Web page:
The poison pill tactic has been around since the 1980s and was devised by New York-based legal firm Wachtell, Lipton, Rosen, and Katz. The name comes from the poison pill spies carried in the past to avoid being questioned by their enemies in the event they were captured. It was designed as a way to prevent an acquiring company from buying a majority share in the potential target or from negotiating with shareholders directly at a time when takeovers were becoming very frequent and common.
What's a Flip-In Poison Pill?
A flip-in poison pill strategy involves allowing the shareholders, except for the acquirer, to purchase additional shares at a discount. Though purchasing additional shares provides shareholders with instantaneous profits, the practice dilutes the value of the limited number of shares already purchased by the acquiring company. This right to purchase is given to the shareholders before the takeover is finalized and is often triggered when the acquirer amasses a certain threshold percentage of shares of the target company.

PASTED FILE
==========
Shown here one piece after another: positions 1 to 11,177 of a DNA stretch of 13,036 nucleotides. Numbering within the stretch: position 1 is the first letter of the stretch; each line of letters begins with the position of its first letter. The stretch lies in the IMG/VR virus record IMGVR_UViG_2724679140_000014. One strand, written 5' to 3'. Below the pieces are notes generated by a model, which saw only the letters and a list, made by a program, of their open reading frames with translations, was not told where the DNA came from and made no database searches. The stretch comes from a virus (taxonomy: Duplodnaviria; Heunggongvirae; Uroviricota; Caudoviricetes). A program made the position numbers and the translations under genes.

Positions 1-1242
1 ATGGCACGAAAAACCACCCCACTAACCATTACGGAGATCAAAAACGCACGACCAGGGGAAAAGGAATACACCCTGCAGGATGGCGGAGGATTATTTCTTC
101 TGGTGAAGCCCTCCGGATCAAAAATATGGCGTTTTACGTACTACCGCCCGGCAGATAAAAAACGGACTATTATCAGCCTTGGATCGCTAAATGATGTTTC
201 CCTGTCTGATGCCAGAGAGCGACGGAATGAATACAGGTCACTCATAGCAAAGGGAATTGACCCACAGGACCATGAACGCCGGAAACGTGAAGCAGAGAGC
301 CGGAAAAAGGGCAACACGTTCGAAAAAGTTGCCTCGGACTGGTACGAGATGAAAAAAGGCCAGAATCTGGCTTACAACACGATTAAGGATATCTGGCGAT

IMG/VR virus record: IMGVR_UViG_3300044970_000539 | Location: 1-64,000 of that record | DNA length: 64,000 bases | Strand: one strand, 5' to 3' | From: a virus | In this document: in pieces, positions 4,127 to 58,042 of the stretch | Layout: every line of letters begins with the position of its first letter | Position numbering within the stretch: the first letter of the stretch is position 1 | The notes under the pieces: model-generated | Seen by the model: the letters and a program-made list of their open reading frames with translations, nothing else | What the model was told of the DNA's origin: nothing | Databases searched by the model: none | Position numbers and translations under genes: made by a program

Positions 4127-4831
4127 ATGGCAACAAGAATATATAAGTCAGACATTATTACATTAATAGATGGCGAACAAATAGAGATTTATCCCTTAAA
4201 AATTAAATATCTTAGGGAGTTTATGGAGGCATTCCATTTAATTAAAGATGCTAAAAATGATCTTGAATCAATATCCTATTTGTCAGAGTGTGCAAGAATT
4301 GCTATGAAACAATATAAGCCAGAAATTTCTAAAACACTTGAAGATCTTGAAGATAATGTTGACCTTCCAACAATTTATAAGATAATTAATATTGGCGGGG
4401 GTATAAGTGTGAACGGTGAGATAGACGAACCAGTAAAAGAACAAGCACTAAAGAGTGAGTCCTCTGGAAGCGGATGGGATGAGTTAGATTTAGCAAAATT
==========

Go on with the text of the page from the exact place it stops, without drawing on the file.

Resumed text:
What's a Flip-Over Poison Pill?
A flip-over poison pill strategy allows stockholders of the target company to purchase the shares of the acquiring company at a deeply discounted price if the hostile takeover attempt is successful. For example, a target company shareholder may gain the right to buy the stock of its acquirer at a two-for-one rate, thereby diluting the equity in the acquiring company. The acquirer may avoid going ahead with such acquisitions if it perceives a dilution of value post-acquisition.
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